A new clinical statement on the emergency management of patients with ventricular assist devices (VADs), made by a consensus consisting of members of the Heart Failure Society of America (HFSA), the Society for Academic Emergency Medicine (SAEM), and the International Society for Heart and Lung Transplantation (ISHLT), was recently published in The Journal of Heart and Lung Transplant. The full consensus statement includes information for clinicians on the basics of VADs and how to manage these patients and their equipment in emergency situations.
Preparation Recommendations for Emergency Management of Patients with VADs
The writing committee reminds clinicians to first perform a rapid assessment of the patient’s equipment to determine the make and model. Only then can clinicians identify appropriate treatment. In addition, the committee encourages hospitals to educate local providers regarding patients with VADs and to provide information to local clinicians about the resources to care for people with VADs, whether it is routine care or an emergency situation.
A focused history, targeted physical examination, and hemodynamics assessment should be undertaken by emergency providers when caring for patients with VADs. The statement suggests that all patients who experience emergencies that necessitate surgery should be considered high acuity, and if the patient has hemodynamic instability, hemodynamics should be stabilized at the nearest center and the patient should be subsequently transferred.
Medical Emergencies in Patients With VADs
According to the HFSA/SAEM/ISHLT committee, medical emergencies commonly reported in individuals with VADs include cardiac arrest, unstable arrhythmias, myocardial infarction, and unexplained hypotension. Situations that often require emergent transfer to a primary VAD center include cardiac tamponade, mechanical VAD failure, need for emergency noncardiac surgery, neurologic events, and pump thrombosis. Continuous blood pressure monitoring with an arterial line is essential when using anesthesia in patients with left VADs (LVADs) who are scheduled to undergo surgery for non-LVAD-related emergencies.
Emergencies Specific and Related to VADs
In a patient with an LVAD who presents with abdominal pain, physical examination and an assessment of medical history are recommended by the committee. If urgent/emergent surgery is needed for this patient, he or she should be treated by a multidisciplinary team familiar with VADs, the authors wrote.
Nonsurgical bleeding, which is frequently associated with morbidity in patients with continuous-flow LVADs, should be managed by first assessing hemodynamic stability alongside resuscitative measures, particularly in the case of gastrointestinal bleeding.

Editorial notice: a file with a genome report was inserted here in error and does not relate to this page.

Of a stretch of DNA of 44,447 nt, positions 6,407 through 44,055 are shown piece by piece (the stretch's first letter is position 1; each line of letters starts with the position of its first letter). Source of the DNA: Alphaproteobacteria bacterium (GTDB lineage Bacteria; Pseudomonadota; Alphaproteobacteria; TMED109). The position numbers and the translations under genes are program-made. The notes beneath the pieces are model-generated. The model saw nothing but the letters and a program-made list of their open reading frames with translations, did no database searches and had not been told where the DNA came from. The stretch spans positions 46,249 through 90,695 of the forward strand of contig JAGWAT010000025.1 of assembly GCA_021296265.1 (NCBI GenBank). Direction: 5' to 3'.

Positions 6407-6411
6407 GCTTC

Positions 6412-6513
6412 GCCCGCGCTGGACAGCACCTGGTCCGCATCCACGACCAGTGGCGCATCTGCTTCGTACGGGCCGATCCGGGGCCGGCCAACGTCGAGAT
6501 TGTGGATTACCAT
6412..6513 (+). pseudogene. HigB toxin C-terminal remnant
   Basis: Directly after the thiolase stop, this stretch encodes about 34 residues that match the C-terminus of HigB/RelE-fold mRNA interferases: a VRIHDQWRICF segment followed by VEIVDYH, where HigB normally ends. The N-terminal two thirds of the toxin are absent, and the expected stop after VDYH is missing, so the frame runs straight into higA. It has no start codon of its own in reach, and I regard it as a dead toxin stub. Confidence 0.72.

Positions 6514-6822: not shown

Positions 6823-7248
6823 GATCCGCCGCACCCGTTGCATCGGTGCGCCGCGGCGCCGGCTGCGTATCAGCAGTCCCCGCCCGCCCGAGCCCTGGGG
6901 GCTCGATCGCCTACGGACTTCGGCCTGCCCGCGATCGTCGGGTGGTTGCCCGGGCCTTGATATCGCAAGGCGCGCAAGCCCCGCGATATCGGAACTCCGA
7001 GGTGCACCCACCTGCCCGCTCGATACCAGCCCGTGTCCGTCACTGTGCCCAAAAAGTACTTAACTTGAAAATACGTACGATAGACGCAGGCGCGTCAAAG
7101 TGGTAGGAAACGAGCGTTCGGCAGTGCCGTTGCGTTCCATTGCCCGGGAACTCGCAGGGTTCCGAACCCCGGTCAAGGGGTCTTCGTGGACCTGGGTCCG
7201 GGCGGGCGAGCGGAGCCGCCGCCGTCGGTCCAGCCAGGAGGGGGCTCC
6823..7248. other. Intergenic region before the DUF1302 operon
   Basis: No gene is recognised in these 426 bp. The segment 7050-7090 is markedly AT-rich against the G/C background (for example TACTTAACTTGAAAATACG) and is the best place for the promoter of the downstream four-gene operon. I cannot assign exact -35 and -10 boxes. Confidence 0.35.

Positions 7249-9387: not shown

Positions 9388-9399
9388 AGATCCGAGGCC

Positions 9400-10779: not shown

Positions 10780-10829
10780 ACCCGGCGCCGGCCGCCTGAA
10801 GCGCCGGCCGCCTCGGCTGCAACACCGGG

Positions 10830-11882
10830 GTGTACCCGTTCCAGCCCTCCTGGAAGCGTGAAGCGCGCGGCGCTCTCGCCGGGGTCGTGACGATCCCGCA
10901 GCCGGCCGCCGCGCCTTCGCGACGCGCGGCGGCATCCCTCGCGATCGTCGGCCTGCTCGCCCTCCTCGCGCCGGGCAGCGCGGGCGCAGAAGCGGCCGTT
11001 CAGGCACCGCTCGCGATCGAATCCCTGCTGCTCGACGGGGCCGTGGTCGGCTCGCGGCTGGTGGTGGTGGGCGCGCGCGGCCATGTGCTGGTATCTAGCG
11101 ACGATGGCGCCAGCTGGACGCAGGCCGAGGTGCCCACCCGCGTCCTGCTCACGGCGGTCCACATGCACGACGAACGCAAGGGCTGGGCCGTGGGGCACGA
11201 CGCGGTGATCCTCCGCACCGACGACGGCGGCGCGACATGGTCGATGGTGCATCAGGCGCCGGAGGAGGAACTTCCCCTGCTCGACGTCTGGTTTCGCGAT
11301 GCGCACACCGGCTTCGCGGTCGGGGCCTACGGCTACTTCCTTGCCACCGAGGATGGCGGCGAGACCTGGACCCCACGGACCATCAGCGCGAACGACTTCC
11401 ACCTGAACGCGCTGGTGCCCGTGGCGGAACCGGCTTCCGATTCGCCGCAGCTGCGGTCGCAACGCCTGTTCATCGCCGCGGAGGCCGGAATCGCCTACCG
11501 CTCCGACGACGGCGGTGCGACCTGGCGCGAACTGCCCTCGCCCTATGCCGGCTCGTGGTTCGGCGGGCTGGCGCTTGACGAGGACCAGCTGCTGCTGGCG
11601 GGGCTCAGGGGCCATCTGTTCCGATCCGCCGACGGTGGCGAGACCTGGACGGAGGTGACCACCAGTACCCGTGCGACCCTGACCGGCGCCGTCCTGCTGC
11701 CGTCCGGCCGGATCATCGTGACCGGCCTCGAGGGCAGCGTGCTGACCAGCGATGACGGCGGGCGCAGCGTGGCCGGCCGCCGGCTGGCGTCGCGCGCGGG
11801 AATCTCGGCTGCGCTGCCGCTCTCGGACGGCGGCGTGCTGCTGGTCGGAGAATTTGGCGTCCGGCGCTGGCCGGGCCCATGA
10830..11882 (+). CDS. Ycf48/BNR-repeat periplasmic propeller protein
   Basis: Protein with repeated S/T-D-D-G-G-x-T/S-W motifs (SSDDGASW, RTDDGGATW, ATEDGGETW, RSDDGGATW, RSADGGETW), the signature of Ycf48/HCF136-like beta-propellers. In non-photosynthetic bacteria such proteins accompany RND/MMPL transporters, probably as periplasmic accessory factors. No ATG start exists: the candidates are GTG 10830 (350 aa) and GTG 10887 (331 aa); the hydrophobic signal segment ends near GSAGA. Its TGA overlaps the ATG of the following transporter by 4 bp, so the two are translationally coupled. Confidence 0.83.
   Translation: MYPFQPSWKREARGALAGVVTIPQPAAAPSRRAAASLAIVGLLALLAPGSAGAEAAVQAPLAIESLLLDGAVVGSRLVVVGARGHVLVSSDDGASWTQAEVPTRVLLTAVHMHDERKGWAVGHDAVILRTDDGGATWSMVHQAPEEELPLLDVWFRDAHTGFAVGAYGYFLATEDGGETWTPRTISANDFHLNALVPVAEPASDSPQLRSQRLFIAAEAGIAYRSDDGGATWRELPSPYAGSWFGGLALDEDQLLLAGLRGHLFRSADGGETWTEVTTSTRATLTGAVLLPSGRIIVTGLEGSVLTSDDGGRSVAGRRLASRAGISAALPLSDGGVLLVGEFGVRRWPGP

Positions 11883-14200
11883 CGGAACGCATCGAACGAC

Strokes, including ischemic and hemorrhagic strokes, are the most devastating neurologic events that can occur in patients with VADs. In patients with hemorrhagic stroke, the committee recommends either discontinuing or reversing anticoagulation. Heart failure (HF) is another possible condition that occurs in people with continuous-flow LVADs. Inadequate left ventricular decompression as well as right ventricular failure are common contributors to HF in these patients. The consensus recommends diuretic therapy and positive inotropic support (eg, milrinone) in people with LVAD and subacute or chronic right HF.
In addition to these emergencies, the consensus statement covered VAD-specific emergencies, including pump thrombosis and pump stoppage or failure, and highlighted potential management options. Acute management of device stoppage, according to the authors, often “requires using an ungrounded cable or placing patients on batteries only, although this leads to a less stable long-term situation given the loss of redundancy should there be further damage to the percutaneous lead.”
A limitation of the guideline was the paucity of information regarding pediatric patients living at home with VADs.
The authors concluded that “the presence of VAD emergencies and complications will take on even greater importance as VAD patients are projected to have longer waits for heart transplantation under the revised United Network of Organ Sharing heart allocation system.”
Disclosures: Several of the study authors declared affiliations with the pharmaceutical industry. Please see the original reference for a full list of authors’ disclosures.
Givertz MM, DeFilippis EM, Colvin M, et al. HFSA/SAEM/ISHLT clinical expert consensus document on the emergency management of patients with ventricular assist devices. J Heart Lung Transplant. 2019;38(7):677-698.
This article originally appeared on The Cardiology Advisor